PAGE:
Lincoln Park bear beats hasty retreat after two hours in treeA young black bear parked itself in a tree in Duluth’s Lincoln Park business district Wednesday, attracting crowds of spectators for two hours before climbing down and leaving the area.
By: Steve Kuchera, Duluth News Tribune
A young black bear parked itself in a tree in Duluth’s Lincoln Park business district Wednesday, attracting crowds of spectators for two hours before climbing down and leaving the area.
Keeping people away from the treed bear were Duluth police officers and then Minnesota Conservation Officer Randy Hanzal.
“The best thing people can do is leave it alone,” Hanzal said.
Hanzal estimated the bear weighed about 110 pounds and was 1½ years old.
It’s not clear where the bear came from, though Duluth police Officer Daryl Diver said someone reported seeing a bear earlier on a section of Interstate 35 near 27th Avenue West that’s closed for construction.
The young bear came through US Bank’s parking lot shortly after noon and climbed a 20-foot conifer tree along 20th Avenue West. Mortgage loan officer Gloria Moen was in the bank building across the avenue from the lot when she heard someone exclaim: “There’s a bear in the parking lot.”
Moen said the bear came from the direction of I-35 and it appeared about to cross Superior Street when it became scared, circled around the lot and climbed about halfway up the tree until it was fairly well screened by needles.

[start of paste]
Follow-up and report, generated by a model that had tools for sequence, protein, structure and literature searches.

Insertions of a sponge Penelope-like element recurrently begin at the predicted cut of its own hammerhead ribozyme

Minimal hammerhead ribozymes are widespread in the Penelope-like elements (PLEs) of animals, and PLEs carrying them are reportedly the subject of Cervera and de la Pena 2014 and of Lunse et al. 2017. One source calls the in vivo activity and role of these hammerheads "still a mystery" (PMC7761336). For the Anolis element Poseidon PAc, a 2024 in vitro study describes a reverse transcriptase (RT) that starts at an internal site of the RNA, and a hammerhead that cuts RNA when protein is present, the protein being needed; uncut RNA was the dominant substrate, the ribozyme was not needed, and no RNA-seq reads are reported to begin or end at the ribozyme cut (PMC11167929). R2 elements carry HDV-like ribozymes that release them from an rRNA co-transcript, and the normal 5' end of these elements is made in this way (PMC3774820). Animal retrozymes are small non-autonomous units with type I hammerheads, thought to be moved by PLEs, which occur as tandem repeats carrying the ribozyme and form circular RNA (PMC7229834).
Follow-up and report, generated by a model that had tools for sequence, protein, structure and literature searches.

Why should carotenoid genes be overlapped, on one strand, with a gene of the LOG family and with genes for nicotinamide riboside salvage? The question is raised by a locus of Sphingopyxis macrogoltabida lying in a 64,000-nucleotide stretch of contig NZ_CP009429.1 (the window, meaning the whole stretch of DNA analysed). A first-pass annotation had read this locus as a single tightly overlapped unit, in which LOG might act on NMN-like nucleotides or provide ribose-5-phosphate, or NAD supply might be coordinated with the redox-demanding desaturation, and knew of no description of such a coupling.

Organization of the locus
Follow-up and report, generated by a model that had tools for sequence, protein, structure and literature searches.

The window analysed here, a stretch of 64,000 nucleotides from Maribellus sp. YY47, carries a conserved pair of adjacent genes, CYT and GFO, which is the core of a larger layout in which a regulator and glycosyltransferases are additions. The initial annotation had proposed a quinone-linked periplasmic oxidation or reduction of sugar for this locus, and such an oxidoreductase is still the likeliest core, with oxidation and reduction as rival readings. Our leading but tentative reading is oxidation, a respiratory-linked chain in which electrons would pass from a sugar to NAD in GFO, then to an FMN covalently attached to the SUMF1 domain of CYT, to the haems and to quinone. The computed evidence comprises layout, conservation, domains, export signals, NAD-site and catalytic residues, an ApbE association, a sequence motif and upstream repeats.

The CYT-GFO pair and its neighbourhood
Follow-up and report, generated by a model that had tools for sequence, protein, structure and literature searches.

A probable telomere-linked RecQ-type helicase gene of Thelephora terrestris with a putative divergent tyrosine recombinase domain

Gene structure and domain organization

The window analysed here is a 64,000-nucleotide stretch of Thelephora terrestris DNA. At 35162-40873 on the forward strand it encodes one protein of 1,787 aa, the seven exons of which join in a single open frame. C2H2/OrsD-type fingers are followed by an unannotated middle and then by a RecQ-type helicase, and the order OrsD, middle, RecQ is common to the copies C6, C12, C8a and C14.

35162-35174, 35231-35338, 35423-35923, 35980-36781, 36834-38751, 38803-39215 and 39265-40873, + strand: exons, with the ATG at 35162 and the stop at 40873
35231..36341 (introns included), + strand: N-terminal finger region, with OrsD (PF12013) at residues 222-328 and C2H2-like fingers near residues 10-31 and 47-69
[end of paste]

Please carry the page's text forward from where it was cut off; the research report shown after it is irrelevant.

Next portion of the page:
The sight of a bear in the heart of a busy commercial area quickly attracted a crowd of spectators.
“Everybody came and you saw a smile on their face. It was cool,” Moen said.
Jonas Ekse was one of those who gathered to see the bear. “It’s the first time I’ve ever seen a bear in the city of Duluth itself,” he said. “I’ve seen white-tailed deer all the time.”
The strategy of leaving the bear alone until it was ready to come down bore fruit about 2:15 p.m., when it left the tree, crossed the parking lot and — after a couple of abortive attempts — crossed Superior Street between 19th and 20th avenues west. It went up an alley toward Arrowhead Dairy Products. Lindsey Clark said she saw the bear run under a parked semi-truck before she lost sight of it.
The bear crossed First Street and the Franklin Foods parking lot. The end of the lot is blocked by a chain-link fence topped by three strands of barbed wire — no obstacle for the bear.
“He went up over the fence, jumped into a tree, climbed down the tree, went through the skate park and up the hill,” Franklin Foods employee Jim Mueller said. “I couldn’t believe how quick he went up the fence. He spread the barbed wire and went between the first and second strand.”
After walking along U.S. Highway 53, the bear ventured into a wooded residential area, Hanzal said.
“If people leave him alone until dark, he’ll find his way back to where he came from,” he said.
Hanzal reminded people to be aware of their surroundings, keep garbage covered and garage doors closed.